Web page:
If you always put things off, are late for every meeting or appointment, and find yourself unable to get yourself organized, you’re probably already aware that you’re a procrastinator. Or perhaps someone you know is prey to this bad habit. For example, you’ve asked a colleague to send you a report by 3:30 and at 3:29 you still haven't received it. Now you’ll have to find it yourself. Maybe it's your partner or roommate who always holds things up: The vacuuming was supposed to be done an hour before your party, but there's still cat hair all over the place 10 minutes before your guests are supposed to show up, so you have no choice but to do it yourself (again).
Susan Krauss Whitbourne, Ph.D., is currently a professor of Psychological and Brain Sciences at the University of Massachusetts Amherst. The author of over 160 refereed articles and book chapters and 16 books. Her research covers a wide range of topics related to adult development and aging, including personality development through midlife, contributors to successful aging, predictors of memory performance, and the relationship between physical health and sense of personal identity.
Editor: Arman Ahmed
Procrastination can lead to stress, misunderstandings, and missed opportunities. Wouldn’t it be nice to have a quick and easy way to beat it? The Procrastination at Work Scale (PAWS), devised by Utrecht University’s U. Baran Metin and colleagues (2016), can help you tackle procrastination, one bad habit at a time.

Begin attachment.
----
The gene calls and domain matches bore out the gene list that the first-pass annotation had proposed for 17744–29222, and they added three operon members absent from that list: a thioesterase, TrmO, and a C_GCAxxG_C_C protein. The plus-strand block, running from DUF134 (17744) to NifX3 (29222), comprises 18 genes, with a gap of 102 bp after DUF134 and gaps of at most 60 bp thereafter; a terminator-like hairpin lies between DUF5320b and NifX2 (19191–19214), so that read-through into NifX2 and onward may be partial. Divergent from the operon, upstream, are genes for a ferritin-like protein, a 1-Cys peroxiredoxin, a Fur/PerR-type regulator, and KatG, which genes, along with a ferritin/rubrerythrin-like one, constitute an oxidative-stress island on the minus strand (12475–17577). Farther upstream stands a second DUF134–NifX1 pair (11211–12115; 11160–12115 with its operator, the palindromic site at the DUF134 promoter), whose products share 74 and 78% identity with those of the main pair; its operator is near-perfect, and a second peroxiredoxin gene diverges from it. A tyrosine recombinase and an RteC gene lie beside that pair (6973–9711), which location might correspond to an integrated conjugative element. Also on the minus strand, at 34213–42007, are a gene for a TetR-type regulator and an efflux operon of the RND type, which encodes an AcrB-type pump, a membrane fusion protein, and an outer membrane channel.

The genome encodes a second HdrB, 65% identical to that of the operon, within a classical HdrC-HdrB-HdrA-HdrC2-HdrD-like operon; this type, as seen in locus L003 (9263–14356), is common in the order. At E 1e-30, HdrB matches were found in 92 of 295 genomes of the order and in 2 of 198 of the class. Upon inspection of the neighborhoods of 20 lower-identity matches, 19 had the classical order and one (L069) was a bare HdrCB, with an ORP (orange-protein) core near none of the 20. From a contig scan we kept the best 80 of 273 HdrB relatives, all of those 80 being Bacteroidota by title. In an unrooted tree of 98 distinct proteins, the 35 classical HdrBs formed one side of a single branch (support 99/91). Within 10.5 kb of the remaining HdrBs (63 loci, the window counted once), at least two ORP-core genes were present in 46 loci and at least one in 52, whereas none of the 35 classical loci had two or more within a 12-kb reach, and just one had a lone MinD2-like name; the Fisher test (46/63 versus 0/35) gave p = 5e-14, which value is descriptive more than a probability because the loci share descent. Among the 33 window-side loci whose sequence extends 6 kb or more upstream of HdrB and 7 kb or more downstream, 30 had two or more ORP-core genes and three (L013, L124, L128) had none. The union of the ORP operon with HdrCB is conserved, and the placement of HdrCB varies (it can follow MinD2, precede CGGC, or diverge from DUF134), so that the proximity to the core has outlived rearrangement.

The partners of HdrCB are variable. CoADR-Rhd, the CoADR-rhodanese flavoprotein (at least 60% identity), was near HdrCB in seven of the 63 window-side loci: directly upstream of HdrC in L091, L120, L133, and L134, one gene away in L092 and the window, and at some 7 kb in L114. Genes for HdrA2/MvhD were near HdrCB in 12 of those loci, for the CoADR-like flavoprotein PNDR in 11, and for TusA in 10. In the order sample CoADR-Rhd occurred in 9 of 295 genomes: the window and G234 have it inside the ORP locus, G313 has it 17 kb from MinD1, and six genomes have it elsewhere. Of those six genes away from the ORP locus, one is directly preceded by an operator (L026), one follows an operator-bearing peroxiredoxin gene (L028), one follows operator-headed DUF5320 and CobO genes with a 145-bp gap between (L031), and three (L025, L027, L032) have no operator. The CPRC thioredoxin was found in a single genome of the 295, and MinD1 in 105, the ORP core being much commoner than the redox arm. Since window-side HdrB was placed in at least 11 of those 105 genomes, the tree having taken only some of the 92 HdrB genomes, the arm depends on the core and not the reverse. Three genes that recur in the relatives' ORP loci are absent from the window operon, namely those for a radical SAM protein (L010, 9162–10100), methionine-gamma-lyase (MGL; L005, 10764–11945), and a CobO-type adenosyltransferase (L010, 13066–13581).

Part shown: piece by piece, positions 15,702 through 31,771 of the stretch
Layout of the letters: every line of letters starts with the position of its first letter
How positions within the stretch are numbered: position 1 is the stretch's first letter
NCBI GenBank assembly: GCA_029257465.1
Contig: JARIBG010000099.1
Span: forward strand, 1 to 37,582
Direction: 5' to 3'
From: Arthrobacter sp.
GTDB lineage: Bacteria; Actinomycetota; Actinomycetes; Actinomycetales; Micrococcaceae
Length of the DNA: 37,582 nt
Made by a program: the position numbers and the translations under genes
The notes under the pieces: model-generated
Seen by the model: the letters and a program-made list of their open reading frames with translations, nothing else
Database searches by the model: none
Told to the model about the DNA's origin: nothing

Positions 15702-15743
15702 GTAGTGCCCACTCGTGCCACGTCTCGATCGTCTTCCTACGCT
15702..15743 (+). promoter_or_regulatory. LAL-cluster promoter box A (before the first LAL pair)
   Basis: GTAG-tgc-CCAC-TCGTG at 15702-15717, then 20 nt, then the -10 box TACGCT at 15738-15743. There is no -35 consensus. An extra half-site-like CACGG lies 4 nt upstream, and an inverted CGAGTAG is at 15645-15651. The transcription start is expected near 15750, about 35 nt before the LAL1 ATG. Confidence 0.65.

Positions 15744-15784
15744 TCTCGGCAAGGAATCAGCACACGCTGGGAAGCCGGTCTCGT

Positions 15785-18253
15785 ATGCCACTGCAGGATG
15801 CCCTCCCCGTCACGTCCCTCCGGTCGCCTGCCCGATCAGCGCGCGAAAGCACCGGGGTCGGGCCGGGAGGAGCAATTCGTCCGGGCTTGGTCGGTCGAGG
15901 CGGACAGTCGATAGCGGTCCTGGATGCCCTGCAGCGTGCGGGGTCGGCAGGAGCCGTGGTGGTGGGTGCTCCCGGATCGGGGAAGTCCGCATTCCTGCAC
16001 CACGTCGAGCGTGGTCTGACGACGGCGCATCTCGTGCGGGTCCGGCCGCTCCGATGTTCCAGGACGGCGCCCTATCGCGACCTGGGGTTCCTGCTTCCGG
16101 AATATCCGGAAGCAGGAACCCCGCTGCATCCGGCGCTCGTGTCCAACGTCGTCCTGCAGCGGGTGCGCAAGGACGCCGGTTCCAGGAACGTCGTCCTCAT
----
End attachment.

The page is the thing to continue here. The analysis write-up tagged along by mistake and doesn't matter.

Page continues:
PAWS was intended to identify the ways in which people kill time at work, making themselves late or having to rush to complete their duties, but it applies to other realms of your life as well, including the work you do at home to manage your family, household chores, and obligations such as bill-paying. The Utrecht team wanted to validate their new scale, and in the process of doing so, they showed the one, key factor that seems to lie behind most of the reasons people procrastinate in the first place. (You'll learn about that shortly.)
First, let’s be clear on how to define procrastination. In Metin et al.’s words, it’s best thought of as a “self-regulatory failure in volitional action and self-discipline, resulting in needlessly and irrationally delaying intended tasks in different walks of life” (p. 255).
Now let's identify which of the 12 types of procrastination you (or someone you know) engages in. Here are the items from the PAWS. How do you rate on each? Give yourself a score of 1 to 7, with higher numbers reflecting the habits you're most likely to fall prey to:
- When I work, even after I make a decision, I delay acting upon it.
- I delay before starting on work I have to do.
- At work, I crave a pleasurable diversion so sharply that I find it incredibly hard to stay on track.
- When a work task is tedious, again and again I find myself pleasantly daydreaming rather than focusing.
- I give priority to lesser tasks, even if there is something important I should do at work.
- When I have an excessive amount of work to do, I avoid planning my tasks, and find myself doing something totally irrelevant.
- I take long coffee breaks.
- I delay some of my tasks just because I just do not enjoy doing them.
- I text (or use Facebook messenger, etc.) at work.
- I spend more than a half hour on social network sites at work per day.
- I read news online at work.
- I do online shopping during working hours.